A toxic person might constantly put you, your actions, and your feelings down. Eventually you might start putting yourself down too. Being treated poorly leads to a poor relationship with yourself. And suddenly you may experience less confidence in your abilities, your dreams, and your instincts. Inner strength is important to cultivate and protect. If toxic relationships put your inner strength and security at risk, it’s time to let go of the relationship.
Negative relationships can lead to or worsen anxiety and stress disorders.
Toxic relationships create mental strain and stress. Our emotions and nervous systems can only handle so much. This study found that toxic relationships increased anxiety and stress disorders, while health relationships decreased anxiety and stress disorders. It’s crucial to spot the early signs and symptoms of toxic relationships related to anxiety and stress. If you want to learn more on how to change toxic thinking and reduce anxiety or stress, this episode of The Art Of Being Well with Dr. Will Cole does an excellent job of covering the topic. It guides you through a five-step plan to eliminate the causes of anxiety, depression, and stressful thoughts.
You neglect self-care practices.
Toxicity and negativity feed off each other. Negative emotions are capable of tearing down your more healthy habits. If you feel bad because of a toxic person in your life, you might stop taking proper care of yourself. This includes neglecting your self-care routine, sleep habits, workout schedule, or even personal hygiene. We all can relate to the girl eating a pint of rocky road ice cream in sweatpants from yesterday after a rough break up. Proper sleep, an exercise routine, and healthy diet all impact your mental health and overall wellness. Knowing how to cope and practice self-care is key when dealing with negative relationships and emotional abuse.
Here is an amazing episode of Looking Up with Dr. Deepika Chopra that covers this subject and shares tips on coping and navigating mental health issues: Learning to Cope with Mental Health Advocate and Founder of PYM, Zak Williams.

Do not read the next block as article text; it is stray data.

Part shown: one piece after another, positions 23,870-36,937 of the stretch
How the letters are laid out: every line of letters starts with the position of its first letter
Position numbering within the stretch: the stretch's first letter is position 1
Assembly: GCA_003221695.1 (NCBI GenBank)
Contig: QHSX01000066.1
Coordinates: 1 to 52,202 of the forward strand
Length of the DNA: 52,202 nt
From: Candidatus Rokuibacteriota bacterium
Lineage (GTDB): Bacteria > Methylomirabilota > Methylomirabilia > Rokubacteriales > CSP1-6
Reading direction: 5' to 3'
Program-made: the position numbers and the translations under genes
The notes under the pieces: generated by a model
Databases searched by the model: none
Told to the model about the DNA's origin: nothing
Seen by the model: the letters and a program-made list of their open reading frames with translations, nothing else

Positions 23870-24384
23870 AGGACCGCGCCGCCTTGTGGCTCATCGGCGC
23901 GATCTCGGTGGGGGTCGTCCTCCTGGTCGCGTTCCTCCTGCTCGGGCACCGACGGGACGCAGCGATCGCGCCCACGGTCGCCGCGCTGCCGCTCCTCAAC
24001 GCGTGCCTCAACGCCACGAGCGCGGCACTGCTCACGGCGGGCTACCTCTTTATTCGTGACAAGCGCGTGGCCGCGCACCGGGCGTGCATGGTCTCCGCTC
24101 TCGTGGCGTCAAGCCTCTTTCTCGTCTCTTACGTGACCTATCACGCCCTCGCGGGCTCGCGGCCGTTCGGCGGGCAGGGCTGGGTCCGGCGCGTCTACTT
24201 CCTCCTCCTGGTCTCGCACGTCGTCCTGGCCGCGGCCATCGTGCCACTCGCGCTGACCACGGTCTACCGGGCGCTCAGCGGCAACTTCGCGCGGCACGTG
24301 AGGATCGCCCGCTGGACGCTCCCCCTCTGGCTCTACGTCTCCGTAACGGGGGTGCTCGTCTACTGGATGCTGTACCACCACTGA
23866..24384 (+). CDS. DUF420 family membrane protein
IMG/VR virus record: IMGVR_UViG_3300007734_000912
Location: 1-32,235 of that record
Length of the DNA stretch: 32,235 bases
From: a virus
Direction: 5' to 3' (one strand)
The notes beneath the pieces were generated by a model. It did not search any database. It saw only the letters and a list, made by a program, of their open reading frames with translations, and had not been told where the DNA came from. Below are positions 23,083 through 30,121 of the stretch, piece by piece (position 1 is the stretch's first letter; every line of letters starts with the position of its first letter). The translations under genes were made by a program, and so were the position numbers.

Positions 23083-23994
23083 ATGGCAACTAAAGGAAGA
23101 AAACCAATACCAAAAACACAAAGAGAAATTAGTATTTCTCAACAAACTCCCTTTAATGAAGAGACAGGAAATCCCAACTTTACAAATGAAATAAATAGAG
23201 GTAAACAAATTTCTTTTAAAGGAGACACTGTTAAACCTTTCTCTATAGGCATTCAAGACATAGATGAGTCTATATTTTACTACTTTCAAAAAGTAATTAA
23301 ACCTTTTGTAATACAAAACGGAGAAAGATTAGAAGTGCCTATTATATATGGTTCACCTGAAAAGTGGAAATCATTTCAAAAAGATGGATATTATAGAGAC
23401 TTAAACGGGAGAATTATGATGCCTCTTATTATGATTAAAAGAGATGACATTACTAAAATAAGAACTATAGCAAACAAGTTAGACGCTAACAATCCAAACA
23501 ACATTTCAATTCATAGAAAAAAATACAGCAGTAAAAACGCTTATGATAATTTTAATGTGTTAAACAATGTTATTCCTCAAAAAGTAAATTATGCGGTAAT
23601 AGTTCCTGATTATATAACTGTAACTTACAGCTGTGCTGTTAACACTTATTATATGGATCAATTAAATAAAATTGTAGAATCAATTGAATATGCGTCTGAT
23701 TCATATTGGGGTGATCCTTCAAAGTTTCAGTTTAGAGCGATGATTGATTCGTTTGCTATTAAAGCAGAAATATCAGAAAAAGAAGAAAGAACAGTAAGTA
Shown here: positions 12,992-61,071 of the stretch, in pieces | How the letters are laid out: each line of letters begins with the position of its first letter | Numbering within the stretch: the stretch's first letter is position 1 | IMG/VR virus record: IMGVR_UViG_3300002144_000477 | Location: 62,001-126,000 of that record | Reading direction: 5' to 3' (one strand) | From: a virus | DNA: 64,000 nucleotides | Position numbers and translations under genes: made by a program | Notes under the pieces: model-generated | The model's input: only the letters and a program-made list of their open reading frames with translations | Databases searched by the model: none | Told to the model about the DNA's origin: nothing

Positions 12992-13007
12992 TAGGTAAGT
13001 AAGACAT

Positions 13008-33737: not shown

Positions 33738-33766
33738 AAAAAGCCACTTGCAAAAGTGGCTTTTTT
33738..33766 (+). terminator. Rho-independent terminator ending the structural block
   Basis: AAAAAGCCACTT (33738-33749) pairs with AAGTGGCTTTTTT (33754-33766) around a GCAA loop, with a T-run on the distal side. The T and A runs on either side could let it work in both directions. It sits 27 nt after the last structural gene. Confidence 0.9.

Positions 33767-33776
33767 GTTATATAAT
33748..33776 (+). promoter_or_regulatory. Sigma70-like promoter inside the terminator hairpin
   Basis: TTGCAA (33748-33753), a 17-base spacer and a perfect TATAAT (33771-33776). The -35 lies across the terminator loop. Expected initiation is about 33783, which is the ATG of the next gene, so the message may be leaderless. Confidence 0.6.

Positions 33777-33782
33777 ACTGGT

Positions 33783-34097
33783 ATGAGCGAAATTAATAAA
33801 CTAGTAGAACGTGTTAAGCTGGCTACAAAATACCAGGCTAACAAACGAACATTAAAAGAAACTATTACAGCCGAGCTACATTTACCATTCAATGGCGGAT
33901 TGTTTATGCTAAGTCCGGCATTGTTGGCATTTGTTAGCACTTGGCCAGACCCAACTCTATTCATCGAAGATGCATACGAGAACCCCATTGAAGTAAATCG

Being in constant fight-or-flight mode can trigger health conditions.
Even though this post is about how toxic relationships affect mental health, they can have a harmful impact on your physical health as well. Experts have concluded that toxic relationships can lead to an increased risk of developing heart problems, higher blood pressure and blood sugar levels, and a weakened immune system. This is because of the constant stress your body is put through when in fight-or-flight mode, a state very common when around toxic people.
How To Handle Toxic Relationships
Accept the situation and seek help.
First, practice self-awareness and discernment. What are the signs you’re in a toxic relationship? How does that toxic person make you feel? Could your behavior also be engaged in a toxic pattern? These are the questions you should ask yourself in order to fully accept the situation. Once you are able to recognize you are stuck in a negative relationship, it is time to seek help. Start by looking for support from your family members, your friends, your confidants. Also, consider going to therapy to get help with processing the trauma and emotional abuse you went through.